Memories Of Mom
Dena shared some of her memories.
My mom shared her love of art and culture in our upbringing. Sundays were free at the Nelson-Atkins Art Museum in Kansas City, Missouri and she took us there often to soak up the exhibits. Every year we went to the symphony. She was known in our community for her green thumb. When she planted, flowers sprouted. She loved the birds in our neighborhood, especially hummingbirds.
I live in the state of Washington and in recent years Mom has lived independently in an apartment near my sister in Pleasant Hill, Missouri. For a long time, Mom had no significant health issues. She took no medication. Her blood pressure was normal. Though she didn’t like going to the doctor, she didn’t have much need to see a doctor. Her physical health was blessed. Mentally, she was sharp as a tack and she could recall nearly everything that happened in our lives, including all the facts about our family history.
In the months leading up to the colonoscopy, she had been feeling tired, with some weight loss and signs of possible anemia. When she saw a doctor, a colonoscopy was recommended.
CMS Identified Marth’s Death As A Sentinel Event
Martha Wright was in relatively good health when she went in for a routine colonoscopy. The treating physician and other medical staff must have recognized what happened. They were legally required by CMS to designate this “unanticipated event” as a “sentinel” event. However, the hospital did not identify Martha’s tragic death as a sentinel event.
Sentinel Event Is A Common Hospital Term
A sentinel event is defined by the Joint Commission as any unanticipated event in a healthcare setting resulting in death or serious physical or psychological injury to a patient or patients, not related to the natural course of the patient’s illness. Martha’s death perfectly fit the definition. When a sentinel event occurs, there are various required steps that must be taken.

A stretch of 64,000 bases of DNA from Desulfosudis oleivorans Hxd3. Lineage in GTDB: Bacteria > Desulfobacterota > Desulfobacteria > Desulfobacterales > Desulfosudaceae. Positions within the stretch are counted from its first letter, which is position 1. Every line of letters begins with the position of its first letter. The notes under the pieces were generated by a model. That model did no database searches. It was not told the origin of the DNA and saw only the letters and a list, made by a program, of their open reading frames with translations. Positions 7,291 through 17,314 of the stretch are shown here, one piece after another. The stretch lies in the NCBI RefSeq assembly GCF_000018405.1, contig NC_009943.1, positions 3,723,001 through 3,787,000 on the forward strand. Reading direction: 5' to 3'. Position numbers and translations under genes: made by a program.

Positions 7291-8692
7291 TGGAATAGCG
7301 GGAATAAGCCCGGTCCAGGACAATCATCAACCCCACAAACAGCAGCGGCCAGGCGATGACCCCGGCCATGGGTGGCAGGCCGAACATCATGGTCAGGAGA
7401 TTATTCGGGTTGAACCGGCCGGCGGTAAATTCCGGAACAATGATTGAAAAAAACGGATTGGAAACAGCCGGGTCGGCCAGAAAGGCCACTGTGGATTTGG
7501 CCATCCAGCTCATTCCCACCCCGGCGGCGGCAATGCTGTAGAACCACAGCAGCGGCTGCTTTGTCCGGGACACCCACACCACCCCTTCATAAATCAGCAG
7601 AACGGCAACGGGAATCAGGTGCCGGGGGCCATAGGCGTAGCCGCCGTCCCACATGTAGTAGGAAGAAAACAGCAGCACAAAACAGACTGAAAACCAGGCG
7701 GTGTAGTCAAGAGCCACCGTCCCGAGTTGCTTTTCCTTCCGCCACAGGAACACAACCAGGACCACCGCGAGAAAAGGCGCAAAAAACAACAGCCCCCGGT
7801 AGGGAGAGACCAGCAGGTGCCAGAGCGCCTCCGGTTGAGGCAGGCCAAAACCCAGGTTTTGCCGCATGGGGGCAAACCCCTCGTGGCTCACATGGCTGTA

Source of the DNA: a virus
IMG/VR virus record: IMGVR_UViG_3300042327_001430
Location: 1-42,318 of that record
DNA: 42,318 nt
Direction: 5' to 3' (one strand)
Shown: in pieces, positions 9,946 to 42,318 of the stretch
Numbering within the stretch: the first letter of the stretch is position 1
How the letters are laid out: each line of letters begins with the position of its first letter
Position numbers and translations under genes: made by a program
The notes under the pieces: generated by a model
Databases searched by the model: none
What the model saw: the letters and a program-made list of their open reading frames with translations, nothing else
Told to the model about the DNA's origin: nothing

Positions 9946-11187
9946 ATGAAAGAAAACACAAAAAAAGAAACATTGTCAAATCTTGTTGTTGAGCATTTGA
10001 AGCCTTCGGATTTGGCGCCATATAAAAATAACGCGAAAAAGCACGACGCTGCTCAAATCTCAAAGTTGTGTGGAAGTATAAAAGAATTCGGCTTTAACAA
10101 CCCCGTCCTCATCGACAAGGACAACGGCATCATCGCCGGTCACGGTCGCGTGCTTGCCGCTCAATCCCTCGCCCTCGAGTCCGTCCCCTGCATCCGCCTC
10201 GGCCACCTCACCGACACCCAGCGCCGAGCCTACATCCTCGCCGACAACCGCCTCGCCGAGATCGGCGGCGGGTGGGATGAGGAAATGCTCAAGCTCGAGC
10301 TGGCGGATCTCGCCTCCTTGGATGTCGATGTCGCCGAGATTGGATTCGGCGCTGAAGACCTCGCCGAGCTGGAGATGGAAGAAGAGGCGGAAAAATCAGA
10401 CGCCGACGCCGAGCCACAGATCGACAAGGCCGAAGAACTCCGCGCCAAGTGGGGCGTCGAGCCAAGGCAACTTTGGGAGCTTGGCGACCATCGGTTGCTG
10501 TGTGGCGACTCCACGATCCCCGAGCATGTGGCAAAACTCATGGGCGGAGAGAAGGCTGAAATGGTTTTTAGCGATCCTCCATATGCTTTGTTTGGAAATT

CMS views a sentinel event as significant and requires an immediate investigation of the event and identification of the root causes of the problem, referred to as a root cause analysis or RCA. Once the problem is well understood, the hospital should promptly update policies and procedures and implement an educational program to bring staff up to date.
The reasoning is simple. If a hospital doesn’t correct conditions that led to an incident, it could easily be repeated. In this instance, Cass Regional blithely moved on and performed 348 more colonoscopies over a four months period, without taking preventive steps so that another tragic event like this one would not happen.
CMS found “these failures had the potential to place all patients in the facility at risk for their health and safety.”
The hospital management had temporarily placed CMS support in jeopardy.
Hopefully, the plan of correction implemented at Cass Regional has benefited the staff and the likelihood of another similar event had been significantly reduced.
In Part 2 of this post Hospital Watchdog will drill down and examine in more detail what happened in this case.